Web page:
Lost in Yosemite [C_033706] Runner Up - Astronomy Photographer of the Year, 2012
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I hope there is a happy ending to this story. What you see are two hikers standing on the far shore of the Merced river just beyond the end of the bridge that crosses above Nevada Fall. It's a man and his niece. The photo was taken at 11:05 pm, July 24, 2011.
5 of us were undertaking a night hike to Half Dome. We found this pair at the John Muir/Mist Trail junction near Nevada Fall. They were cold and tired. The man was carrying a single dim penlight flashlight. And he asked us how far it was to the valley floor.
Taking a look at their footwear - the man wore sneakers, the woman had hiking shoes - I told them their options were the rough, wet, steep Mist Trail at 2.5 miles or the longer, less difficult John Muir Trail for about 4.0 miles. They seemed to balk at hearing either figure.
That's when we learned that they had started hiking at 3:00 PM from the Toulomne Meadows trail on a whim and "just kept on going". It's not clear they had a plan. It is 21 miles from Toulomne to Happy Isle at the valley floor. Though the trail is mostly downhill, it is a LONG way to go. They had no map and they had just the one dim penlight flashlight - no backup.
I asked them if they had food and water - they said they were fine. Since they were both dressed in shorts, I asked them if they had any additional clothing for warmth - they said they had sweatshirts. I asked them if they had additional batteries (he did) or a second flashlight (they didn't). I gave them my LED keychain flashlight. In about 2 and a half hours the moon would give some additional light, but hopefully they would be down by then.
When the man asked me about directions on the John Muir trail, I told him I hadn't been down it in a long while, but I believed there was only one right turn at an intersection and that would take them below the Vernal Fall.
I was trying to dissuade them from taking the Mist Trail. We had just come up over that path and I knew that they'd get soaked AND there were several footing problems along the trail as well as some turns that are easy to miss in the dark - I know because we had missed them on the way up!
I offered that we were headed on our way to the Nevada Fall to take some photos (a half truth) and that they could come along with us to the bridge. At the precipice of Nevada fall the rushing water at our feet created cold, damp wind. The pair crossed the bridge and stood for a long time on the far side while we set up and took photos of the scene. The fall was roaring in what would have otherwise been a still, peaceful starry scene. The pair stood for so long I wondered what was going on. Eventually they continued onward down the trail... only to turn around and head back mere minutes later. Apparently they were spooked by a large buck on the trail that wouldn't move. We had come across a small buck on the Mist Trail on our way up.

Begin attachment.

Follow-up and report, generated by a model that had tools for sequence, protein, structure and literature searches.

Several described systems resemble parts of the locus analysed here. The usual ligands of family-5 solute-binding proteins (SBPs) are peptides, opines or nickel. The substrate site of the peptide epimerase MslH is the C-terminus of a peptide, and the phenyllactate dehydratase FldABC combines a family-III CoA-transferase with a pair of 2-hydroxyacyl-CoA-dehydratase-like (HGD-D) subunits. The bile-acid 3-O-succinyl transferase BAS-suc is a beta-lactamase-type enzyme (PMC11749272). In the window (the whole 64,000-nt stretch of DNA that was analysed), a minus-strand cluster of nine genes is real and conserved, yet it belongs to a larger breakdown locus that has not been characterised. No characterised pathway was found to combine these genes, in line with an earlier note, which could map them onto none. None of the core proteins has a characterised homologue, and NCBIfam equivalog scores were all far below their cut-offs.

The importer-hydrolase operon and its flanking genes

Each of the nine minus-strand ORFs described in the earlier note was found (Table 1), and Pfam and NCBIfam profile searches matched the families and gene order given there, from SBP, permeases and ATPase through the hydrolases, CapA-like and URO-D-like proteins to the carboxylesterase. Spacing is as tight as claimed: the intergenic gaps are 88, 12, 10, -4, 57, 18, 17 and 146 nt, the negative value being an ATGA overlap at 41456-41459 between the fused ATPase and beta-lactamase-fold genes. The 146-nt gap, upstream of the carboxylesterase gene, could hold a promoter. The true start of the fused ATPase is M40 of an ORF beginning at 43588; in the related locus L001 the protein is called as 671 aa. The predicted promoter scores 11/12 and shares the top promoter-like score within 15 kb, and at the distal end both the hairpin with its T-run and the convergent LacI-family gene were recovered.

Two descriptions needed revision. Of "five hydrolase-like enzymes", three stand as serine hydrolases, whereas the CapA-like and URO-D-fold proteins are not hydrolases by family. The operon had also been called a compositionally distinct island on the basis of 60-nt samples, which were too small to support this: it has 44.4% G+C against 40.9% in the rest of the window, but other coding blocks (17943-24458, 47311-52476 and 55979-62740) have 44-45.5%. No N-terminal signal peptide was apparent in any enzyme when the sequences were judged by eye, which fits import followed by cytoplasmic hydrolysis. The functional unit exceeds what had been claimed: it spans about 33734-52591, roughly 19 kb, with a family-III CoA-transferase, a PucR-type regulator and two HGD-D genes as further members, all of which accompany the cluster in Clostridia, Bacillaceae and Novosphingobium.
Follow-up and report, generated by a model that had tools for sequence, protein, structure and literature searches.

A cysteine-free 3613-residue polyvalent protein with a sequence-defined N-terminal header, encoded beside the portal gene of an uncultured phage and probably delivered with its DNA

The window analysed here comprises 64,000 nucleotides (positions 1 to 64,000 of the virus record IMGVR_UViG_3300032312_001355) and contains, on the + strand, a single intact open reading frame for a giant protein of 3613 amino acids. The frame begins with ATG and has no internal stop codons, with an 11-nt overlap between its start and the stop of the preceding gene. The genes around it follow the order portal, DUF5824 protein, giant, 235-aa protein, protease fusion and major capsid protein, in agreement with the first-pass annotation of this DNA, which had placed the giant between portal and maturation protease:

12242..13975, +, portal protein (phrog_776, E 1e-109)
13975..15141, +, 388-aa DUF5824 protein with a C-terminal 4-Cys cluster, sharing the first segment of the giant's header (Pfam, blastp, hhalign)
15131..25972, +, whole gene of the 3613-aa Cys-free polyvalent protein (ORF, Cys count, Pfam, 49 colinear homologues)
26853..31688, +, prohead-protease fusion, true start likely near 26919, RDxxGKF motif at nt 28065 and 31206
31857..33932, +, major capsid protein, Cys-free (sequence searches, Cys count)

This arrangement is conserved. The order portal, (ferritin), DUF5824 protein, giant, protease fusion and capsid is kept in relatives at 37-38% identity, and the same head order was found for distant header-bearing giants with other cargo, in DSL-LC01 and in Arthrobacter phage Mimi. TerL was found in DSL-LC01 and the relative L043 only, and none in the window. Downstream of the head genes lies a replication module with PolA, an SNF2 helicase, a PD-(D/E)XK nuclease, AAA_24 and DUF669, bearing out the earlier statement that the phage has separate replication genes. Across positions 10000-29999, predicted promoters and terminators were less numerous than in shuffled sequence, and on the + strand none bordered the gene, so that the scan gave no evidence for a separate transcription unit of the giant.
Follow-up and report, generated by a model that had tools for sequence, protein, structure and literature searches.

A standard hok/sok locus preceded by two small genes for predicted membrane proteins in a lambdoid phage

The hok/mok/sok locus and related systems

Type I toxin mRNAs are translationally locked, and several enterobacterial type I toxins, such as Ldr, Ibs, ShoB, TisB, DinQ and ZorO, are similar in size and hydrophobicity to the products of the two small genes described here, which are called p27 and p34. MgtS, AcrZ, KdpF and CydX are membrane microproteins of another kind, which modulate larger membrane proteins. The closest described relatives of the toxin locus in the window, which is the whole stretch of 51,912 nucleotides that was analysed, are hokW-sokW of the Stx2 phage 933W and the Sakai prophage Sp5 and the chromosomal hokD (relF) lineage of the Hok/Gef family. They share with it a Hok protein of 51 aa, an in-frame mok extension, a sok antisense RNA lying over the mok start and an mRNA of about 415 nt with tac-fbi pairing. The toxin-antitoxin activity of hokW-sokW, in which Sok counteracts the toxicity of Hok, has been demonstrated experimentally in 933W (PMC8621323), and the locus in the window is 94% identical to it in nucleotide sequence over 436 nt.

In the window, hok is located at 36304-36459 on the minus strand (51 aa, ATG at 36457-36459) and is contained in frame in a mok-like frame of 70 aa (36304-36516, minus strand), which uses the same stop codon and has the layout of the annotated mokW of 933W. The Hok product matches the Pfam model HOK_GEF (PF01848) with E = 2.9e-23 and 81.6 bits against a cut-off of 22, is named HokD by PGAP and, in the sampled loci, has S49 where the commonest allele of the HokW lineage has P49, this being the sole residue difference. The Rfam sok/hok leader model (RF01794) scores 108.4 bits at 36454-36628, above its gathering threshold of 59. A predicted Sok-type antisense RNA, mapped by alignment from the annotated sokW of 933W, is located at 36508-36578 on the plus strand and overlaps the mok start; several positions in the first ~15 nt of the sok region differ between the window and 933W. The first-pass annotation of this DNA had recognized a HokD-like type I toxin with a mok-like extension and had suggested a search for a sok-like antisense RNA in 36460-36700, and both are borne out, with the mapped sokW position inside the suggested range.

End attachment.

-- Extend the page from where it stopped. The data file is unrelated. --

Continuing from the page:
Crossing back over the bridge meant they must take the Mist Trail. I offered to escort them back to where we had at first encountered them. I left my companions behind so they coud do more shooting. From the fall edge there is a wide open scramble across flat granite. In the daytime it can be difficult to find your way, but finding the trail at night led me down a few momentary wrong turns. At last we arrived after two tenths of a mile back at the trail head and I asked them again if they needed anything. They said no, thanked me for the flashlight and started down what I know is gnarly footing and arduous going. I struggled with myself over what the best course of action was. Perhaps I had made a mistake and should have just called off our Half Dome hike and escorted them down. On the other hand, they at least had some supplies and had already managed 19 miles on their own and appeared to be in good shape despite obvious fear and worry on the face of the young woman.
After the hikers had disappeared down the path I waited for my companions to return. Eventually I saw flashlights and headlamps headed my way. Then I noticed the lights veering off in the wrong direction at a point where the trail should come straight toward me.... so I left my pack on the bench and ran to them. I managed to corral my group and we got back on the right path headed onward and upward.
It worries me that the wayward pair may have run into similar trouble with no one there to set them back on the path. I just hope they made it without injury and will be much better prepared next time.
Meanwhile: Please PREPARE well before you do any wilderness hiking. And I pray this pair made it back safely.
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© Copyright 2011, Steven Christenson
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